After more than a year, the world is still battling against COVID-19, prompting many to wonder when people-to-people exchanges will return to normal, when China will open its doors to the world, and to what extent vaccines and mutated variants will impact the resumption of international travels.
Zhang Wenhong, a leading infectious disease expert, believes that China will be able to reopen to countries with good inoculation and low infection rates in the first half of 2022, but that will still depend on how many people in the country have been inoculated.
Countries with a higher inoculation rate such as Israel, the US and the UK will make deals to resume people-to-people exchanges in the second half of this year. But the date for a resumption of global travel remains unknown, as that would be determined by the overall vaccination rate and speed of mutated variants, said Zhang at the Boao Forum for Asia in Qingdao, East China's Shandong Province on Wednesday.
Asked whether it would be necessary to receive COVID-19 vaccines every year just like influenza vaccines, Zhang said it depends on what percentage of people who have received a vaccine become re-infected, though most assume that it would be necessary, because with the passing of time, the protection generated by any vaccine will fade.
Also, there is no evidence so far to indicate that mutated variants have escaped from vaccines, and the virus has not generated new serotypes, which means "we have to wait for more data to decide if human beings have to get inoculated repeatedly," Zhang noted.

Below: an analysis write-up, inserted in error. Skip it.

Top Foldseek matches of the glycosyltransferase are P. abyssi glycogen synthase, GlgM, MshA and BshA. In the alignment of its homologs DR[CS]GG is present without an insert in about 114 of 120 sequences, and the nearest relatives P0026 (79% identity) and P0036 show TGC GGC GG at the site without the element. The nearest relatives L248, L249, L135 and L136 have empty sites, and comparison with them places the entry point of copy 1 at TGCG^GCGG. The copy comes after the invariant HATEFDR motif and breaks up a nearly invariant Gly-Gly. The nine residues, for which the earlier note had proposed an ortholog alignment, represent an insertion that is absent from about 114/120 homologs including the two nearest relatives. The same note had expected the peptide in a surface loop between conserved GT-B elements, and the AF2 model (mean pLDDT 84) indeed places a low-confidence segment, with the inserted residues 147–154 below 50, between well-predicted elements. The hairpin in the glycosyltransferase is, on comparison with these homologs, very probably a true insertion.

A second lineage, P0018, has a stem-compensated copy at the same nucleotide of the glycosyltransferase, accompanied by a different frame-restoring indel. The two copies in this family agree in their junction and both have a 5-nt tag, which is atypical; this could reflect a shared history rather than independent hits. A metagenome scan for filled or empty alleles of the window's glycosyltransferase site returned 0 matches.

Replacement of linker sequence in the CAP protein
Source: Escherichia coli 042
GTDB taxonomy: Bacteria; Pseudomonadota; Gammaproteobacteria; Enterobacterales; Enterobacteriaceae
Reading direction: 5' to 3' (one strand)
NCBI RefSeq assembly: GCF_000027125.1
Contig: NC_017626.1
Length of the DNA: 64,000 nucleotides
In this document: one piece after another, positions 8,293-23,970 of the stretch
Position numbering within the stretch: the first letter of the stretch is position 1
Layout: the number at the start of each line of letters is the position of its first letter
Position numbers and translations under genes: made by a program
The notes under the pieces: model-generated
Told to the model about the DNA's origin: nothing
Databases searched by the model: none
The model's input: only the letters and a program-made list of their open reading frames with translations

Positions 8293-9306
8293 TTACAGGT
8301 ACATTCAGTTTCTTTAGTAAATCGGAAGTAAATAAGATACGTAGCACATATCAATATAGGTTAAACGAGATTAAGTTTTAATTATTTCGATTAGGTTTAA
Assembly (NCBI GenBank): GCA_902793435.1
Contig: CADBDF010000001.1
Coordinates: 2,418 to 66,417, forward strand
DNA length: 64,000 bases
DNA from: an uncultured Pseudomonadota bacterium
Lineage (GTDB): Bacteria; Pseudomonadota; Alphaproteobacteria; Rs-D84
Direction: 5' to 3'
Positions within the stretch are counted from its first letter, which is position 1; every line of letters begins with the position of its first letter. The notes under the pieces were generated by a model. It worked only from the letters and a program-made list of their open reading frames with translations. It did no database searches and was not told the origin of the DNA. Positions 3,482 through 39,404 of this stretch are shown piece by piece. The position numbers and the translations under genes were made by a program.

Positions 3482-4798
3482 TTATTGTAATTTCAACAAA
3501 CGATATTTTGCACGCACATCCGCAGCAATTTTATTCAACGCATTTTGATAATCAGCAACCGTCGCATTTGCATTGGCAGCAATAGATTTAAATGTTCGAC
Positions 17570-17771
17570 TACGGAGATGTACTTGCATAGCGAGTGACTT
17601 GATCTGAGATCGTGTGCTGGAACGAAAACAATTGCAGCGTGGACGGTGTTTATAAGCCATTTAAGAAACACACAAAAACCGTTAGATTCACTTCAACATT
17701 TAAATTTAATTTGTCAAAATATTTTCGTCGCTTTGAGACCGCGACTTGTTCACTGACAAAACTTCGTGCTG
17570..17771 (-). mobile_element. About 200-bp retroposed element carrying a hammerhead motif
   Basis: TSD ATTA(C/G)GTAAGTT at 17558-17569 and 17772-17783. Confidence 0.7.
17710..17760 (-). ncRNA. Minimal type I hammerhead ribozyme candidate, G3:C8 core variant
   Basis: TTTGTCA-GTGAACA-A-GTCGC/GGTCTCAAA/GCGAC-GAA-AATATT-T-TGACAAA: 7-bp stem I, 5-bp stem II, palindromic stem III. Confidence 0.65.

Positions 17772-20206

Gao Fu, an academician from the Chinese Academy of Sciences and head of the Chinese Center for Disease Control, recently said that it seemed that the virus evolves like an influenza virus.
"We probably need to receive jabs against COVID-19 every year, just like how we coexist with influenza," said Gao, adding that when there is an immunity barrier against COVID-19, the regular jabs will be used to prevent critical cases rather than simply avert infections.
To reach herd immunity against COVID-19, China will have to vaccinate 80 percent of its population, and this target is likely to be reached by the end of this year, following stronger public willingness to receive jabs propelled by recent waves of epidemic resurgence in some places, said Chinese top epidemiologist Zhong Nanshan.
China's speed in administering vaccines has been accelerating recently with more than 700 million doses administered across the country by Wednesday, data from the National Health Commission showed.
The intervals per 100 million doses have gradually become shorter, from the previous 25 days, 16 days, nine days, seven days and now only five days, statistics indicated.